D. Alex MacDonald always saw value in spending money to earn a customer's business.
When the native of Travellers Rest established a used car business in 1957, he didn't hesitate in upgrading the vehicles before selling them - a practice he believes few of his competing dealers followed at the time.
"Sometimes it's costly but it's worth it in the end,'' said MacDonald.
"They (customers) remain and you do the right thing besides.''
Not only was MacDonald successful in retaining customers after receiving a Ford franchise in 1961, he had the entrepreneurial spirit and determined approach that led motorists to beat a path to his lot.
He grew a business that started with four employees to one with upwards of 100 today, tallying $64 million in sales along the way.
"A lot of hard work,'' he said in summarizing the key to his success.
"If you want something bad enough, you can get it.''
Seven of MacDonald's and his wife Kathleen's 11 children work at the dealership. Three of his grandsons are also working at one of the dealerships that include D. Alex MacDonald Ltd., Hyundai in Summerside, and Fair Isle Ford in Charlottetown and Montague.
"I have a great family because...no matter what I put them into they were good at it,'' he said.
MacDonald's impressive run as an entrepreneur and leader in the automobile industry, along with strong community involvement, is earning him a spot in the Junior Achievement P.E.I. Business Hall of Fame.
He will be formally inducted on May 30 at a gala at the Delta Prince Edward along with the following:
n David Loggie, an entrepreneur and leader in the global potato industry. He spent 47 years with Canada Packers Shur-Gain division, climbing the corporate ladder from office clerk and accountant to vice-president of operations for Shur-Gain Atlantic. He owned Stevedoring for many years. He owns Kensington Truck and Tractor and most recently has owned and operated a residential and commercial real estate rental and development business in Summerside. He was president of Slemon Park Corp. from 2000 to 2002.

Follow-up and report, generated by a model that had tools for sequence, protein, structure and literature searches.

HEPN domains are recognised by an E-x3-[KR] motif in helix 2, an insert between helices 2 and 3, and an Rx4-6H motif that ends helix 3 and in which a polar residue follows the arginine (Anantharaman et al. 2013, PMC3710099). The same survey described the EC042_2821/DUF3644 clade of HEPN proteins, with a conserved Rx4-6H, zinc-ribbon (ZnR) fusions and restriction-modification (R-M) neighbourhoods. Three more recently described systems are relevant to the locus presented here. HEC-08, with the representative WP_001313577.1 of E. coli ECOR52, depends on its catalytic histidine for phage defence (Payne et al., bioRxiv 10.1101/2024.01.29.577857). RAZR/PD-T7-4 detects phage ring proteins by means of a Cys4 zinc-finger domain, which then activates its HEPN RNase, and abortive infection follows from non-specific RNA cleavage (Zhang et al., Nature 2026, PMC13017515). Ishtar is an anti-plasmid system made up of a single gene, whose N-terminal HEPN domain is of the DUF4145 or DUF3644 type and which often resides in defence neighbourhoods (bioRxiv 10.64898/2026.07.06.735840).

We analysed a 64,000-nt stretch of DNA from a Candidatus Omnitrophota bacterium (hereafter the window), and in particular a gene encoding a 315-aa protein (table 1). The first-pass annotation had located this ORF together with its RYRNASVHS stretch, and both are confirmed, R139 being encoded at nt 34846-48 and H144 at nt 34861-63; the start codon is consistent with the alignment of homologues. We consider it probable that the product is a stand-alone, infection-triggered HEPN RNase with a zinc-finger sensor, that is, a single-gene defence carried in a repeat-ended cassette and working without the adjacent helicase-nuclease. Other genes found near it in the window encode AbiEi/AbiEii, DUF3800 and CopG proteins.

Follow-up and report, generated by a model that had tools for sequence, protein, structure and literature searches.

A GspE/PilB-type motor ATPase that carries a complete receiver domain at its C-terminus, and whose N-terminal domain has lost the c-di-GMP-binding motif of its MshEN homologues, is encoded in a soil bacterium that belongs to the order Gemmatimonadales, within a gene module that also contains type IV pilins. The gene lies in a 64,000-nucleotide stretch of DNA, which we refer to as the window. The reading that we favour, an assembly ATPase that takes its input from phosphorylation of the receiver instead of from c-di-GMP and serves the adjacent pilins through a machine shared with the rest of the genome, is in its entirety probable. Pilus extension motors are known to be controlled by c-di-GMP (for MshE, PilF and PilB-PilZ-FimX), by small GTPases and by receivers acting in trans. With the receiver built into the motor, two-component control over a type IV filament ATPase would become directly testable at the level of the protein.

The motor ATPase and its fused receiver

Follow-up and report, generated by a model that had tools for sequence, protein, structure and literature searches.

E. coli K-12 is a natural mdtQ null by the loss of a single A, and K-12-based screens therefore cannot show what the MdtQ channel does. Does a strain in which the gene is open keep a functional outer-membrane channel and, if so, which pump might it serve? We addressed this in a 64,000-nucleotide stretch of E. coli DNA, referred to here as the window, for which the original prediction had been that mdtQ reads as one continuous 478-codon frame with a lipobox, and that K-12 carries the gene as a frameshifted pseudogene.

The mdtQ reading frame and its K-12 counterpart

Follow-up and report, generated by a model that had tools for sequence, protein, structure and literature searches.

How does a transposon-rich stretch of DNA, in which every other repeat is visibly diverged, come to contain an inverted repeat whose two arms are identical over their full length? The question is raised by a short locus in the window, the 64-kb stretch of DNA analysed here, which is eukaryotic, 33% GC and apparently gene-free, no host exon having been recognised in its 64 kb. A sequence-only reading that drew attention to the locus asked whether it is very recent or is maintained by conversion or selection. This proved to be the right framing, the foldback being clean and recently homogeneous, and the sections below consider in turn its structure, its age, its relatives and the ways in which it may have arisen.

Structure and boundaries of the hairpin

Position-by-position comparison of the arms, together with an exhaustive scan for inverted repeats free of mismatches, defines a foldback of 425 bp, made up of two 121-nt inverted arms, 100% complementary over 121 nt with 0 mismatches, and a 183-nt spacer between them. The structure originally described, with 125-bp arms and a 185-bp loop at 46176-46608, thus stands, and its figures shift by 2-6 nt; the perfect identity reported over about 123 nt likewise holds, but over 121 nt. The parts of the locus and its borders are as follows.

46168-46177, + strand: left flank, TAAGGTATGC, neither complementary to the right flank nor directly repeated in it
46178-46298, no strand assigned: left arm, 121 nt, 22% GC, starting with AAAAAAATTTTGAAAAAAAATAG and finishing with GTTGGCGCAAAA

n Wes and Connie MacAleer are being inducted as entrepreneurs and humanitarians. In 1971, Wes formed Wesmac Agencies Ltd. With his wife Connie as a company director. The company, providing a variety of services including selling general insurance and operating a consulting and office services, thrived expanding to include Raven Resources Ltd. And Goga Cho Enterprises. Wes later became publisher of The Guardian and the former Evening Patriot before entering P.E.I. politics. He held several cabinet portfolios over the years under a Conservative government, including Attorney General and Minister of Economic Development and Tourism.
n Earl Davison is entering the JAPEI Business Hall of Fame as visionary entrepreneur and community benefactor. He is the man behind the iconic Rainbow Valley that provided years and years of fun to P.E.I. families and tourists. He also operated a successful boat building business and a construction company. Davison has served with numerous tourism and business organizations.